“It’s not your fault the S&P 500 is off more than 42% in the last year,” consoles Chris Mayer. “You’ve done the right thing, investing in companies with real assets, cash flows and strong insider ownership at good prices. Our companies are not AIGs and Merrill Lynches. Our companies will be around when the cycle turns, as cycles always do.
“I’ve recently been rereading Ben Graham’s Security Analysis because McGraw-Hill published a sixth edition with new commentary by great investors, including Seth Klarman and Bruce Berkowitz.
“Anyway, I love how Graham finds little anomalies and writes about them in his book. Take Wright Aeronautical in 1922. Graham points out how it was an $8 stock earning $2 per share and paying out $1 in dividends. That was a P/E of 4 and dividend yield of 12.5%. Plus, the company had $8 of cash in its treasury and no debt. Graham, in his usual understated way, writes, ‘Analysis would readily have established that the intrinsic value of the issue was substantially above the market price.’ Yeah, I’ll say! (By 1928, the stock was $280 per share — a 35-bagger.)
“I used to read Graham and think to myself, Wow, imagine finding bargains like those. All my career, I’ve looked for those kinds of things. Well, I’m finding bargains like that today.
“If you have some cash you can afford to risk, you are one of the lucky ones, because there are some bargains out there today.”
Chris listed several solid buys in his latest issue of Capital & Crisis, including an “incredible income” stock — a rock-solid recourse play that currently yields over 20%! Get all the tickers, here.
The dollar index is down almost 2 full points from its Friday high, to around 81.2 as we write. The euro is up 3 cents, to $1.36. It will be interesting to see how long the “flight to safety” trade in the U.S. dollar holds out. Not long after the election, we suspect.
And now that the U.K. government can skim profits from RBC and Lloyds, traders have bid up the pound 4 cents, to $1.74. And as risk aversion starts to re-enter the market this morning, the yen carry trade is perking up, and thus the yen is a bit weaker… 100 for $1.
Gold was holding steady during the worst of the equity bust last week. But the past few days, we’ve seen it shed about $100, to $820.
Traders speculate the “bottom is in” for equities. We’re not so sure…
Oil continues to trade predictably, if not inversely, to the dollar. It’s up $2 this morning, to $80 a barrel.
Gasoline fell another 10 cents over the weekend, to a national average of $3.20 today. That caps the largest two-week drop in price since the inception of the Lundberg Survey — a poll of gas prices around the country.
“If crude oil prices don’t spike" a statement issued by Lundberg read, “we can expect further price cutting for two reasons: Gasoline demand will continue to shrink in our weak economic condition, and retailers, who have been receiving deep buying price cuts, will be anxious to pass through any further price cuts they receive quickly. They need the sales."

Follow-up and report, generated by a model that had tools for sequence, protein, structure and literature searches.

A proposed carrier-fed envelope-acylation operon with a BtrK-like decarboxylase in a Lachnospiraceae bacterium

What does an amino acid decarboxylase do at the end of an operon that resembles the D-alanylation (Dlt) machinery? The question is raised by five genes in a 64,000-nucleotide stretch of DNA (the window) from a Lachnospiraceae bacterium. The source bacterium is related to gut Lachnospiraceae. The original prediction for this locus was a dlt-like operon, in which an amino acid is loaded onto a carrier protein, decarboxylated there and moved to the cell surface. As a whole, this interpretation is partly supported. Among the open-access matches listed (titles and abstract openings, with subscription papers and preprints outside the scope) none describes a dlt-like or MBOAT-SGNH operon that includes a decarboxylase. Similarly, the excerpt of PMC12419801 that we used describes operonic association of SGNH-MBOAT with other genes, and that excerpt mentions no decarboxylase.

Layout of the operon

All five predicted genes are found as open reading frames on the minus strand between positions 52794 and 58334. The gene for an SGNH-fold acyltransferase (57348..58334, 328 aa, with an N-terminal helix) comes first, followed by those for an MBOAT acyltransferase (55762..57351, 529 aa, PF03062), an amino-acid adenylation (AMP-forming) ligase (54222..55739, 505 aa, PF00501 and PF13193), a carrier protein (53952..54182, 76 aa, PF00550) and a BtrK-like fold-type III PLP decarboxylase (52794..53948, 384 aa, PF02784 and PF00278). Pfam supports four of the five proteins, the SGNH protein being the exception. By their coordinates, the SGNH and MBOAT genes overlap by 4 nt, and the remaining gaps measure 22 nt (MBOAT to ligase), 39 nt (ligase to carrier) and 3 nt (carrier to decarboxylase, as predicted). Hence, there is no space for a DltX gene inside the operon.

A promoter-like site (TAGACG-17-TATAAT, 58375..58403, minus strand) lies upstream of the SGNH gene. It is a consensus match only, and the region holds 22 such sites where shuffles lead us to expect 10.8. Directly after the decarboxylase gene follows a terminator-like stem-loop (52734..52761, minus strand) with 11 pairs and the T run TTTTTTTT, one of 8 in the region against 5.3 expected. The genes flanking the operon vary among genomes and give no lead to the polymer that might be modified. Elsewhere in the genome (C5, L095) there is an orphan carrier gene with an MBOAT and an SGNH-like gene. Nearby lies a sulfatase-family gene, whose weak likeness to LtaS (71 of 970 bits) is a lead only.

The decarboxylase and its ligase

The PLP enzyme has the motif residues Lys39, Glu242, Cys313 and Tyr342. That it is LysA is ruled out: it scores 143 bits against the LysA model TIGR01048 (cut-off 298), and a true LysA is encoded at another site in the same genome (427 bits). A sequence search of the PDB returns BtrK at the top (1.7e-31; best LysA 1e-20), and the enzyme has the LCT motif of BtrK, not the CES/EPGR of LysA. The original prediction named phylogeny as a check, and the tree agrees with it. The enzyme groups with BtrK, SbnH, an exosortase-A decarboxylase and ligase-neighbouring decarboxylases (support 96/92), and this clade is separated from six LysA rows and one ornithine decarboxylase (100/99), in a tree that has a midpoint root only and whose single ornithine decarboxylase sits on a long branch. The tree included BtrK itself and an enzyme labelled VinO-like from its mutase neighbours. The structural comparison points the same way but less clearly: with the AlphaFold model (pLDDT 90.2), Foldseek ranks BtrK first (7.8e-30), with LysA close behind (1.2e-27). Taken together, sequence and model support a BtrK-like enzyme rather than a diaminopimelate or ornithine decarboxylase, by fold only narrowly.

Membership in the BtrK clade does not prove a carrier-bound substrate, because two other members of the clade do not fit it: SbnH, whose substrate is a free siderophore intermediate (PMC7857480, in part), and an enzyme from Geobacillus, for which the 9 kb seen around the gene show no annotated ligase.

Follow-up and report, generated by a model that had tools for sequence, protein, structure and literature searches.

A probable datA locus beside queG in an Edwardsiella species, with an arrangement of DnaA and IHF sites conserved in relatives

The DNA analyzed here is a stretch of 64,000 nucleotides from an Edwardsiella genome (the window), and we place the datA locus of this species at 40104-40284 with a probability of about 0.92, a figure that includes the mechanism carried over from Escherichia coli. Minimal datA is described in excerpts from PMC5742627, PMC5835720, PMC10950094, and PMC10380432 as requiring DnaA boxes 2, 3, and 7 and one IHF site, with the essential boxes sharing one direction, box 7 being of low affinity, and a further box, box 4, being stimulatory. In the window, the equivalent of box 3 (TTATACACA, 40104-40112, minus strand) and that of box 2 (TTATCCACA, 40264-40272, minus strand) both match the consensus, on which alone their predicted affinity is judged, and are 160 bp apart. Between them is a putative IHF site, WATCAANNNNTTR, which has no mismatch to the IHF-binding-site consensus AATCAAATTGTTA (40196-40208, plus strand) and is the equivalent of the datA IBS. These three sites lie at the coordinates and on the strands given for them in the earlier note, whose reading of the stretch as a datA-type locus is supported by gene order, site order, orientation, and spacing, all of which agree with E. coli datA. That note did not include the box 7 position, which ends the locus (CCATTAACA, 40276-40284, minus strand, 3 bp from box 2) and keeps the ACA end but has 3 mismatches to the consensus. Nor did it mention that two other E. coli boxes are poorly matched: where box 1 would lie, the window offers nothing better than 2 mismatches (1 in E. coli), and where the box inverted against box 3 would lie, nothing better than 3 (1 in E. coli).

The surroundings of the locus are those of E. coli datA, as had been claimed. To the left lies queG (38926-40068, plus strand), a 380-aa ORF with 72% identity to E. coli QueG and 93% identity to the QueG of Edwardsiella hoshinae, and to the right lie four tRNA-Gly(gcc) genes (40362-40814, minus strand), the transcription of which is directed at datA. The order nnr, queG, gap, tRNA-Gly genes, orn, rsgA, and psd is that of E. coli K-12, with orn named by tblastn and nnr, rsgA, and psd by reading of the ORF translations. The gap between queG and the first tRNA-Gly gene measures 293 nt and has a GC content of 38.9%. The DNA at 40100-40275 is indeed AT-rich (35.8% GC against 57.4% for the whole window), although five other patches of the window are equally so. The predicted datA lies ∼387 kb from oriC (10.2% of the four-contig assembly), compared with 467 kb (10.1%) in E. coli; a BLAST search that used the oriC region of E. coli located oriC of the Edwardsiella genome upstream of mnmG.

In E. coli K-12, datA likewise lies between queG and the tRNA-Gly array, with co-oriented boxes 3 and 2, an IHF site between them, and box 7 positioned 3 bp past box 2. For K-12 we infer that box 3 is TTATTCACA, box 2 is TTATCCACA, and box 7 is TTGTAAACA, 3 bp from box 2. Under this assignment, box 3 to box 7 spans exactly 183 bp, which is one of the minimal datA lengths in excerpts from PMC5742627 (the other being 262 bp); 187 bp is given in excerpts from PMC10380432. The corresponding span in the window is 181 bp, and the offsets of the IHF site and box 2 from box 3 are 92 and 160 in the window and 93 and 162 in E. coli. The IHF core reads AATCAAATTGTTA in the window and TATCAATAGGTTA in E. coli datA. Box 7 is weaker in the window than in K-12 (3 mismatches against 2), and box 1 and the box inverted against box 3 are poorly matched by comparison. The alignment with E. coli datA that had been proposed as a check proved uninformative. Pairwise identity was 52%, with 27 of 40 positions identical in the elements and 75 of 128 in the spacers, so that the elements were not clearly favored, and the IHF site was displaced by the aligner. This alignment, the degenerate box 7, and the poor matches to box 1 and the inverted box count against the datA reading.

We may see gas as low as $3 by December, they say.
“The only way that oil will reach $65 dollars,” writes a reader, “is if there are more liquidations to come from the hedge funds, Lehman and such. And it had better happen before Obama and Congress get to work after the election and start really pumping the money in the system — but then, that could happen this weekend.
“The new Congress will be all about health care (mini bubble) and alternate energy (next BIG bubble).
“The boyz this weekend will guarantee everything but fresh vegetables: two stimulus checks — one now, one in July — all the banks flushed with cash and taking the charters away from those that don’t lend — complete with a playbook for the first quarter.”
“Regarding the dollar strength,” adds another, “I think it is due to the short-term environment of the market. Many Americans had their investments overseas and in other stock markets. With the stock market crisis — especially when it started to deepen in August/September — Americans have started to pull their money out of those countries and get their dollars safe back home, hence making the currencies in those countries fragile.
“I think it’s more other currencies weakening than the dollar strengthening. In the medium term, once the flow of dollars comes into USA, the demise of the dollar should continue its trend: downward.”
The 5: We suspect you’re right.
The 5 Min. Forecast
P.S. Following a screening of I.O.U.S.A. at the New Hampshire Film Fest, in Portsmouth, on Friday evening this week, we’ll be hosting a short reception and book signing at a pub across the street from The Music Hall. The folks at Muddy River have been kind enough to host the reception gratis:
Sen. Judd Gregg, the senior Republican senator from New Hampshire — who despite appearing in the film championed the recent bailout bill in the Senate — will participate in the question-and-answer session following the film. We suspect it will get interesting.
P.P.S. David Walker was on Bill Maher’s show on Friday evening. The show was posted to YouTube Saturday… since then, over 25,000 have viewed it. That’s good stuff. We posted it for your viewing pleasure here .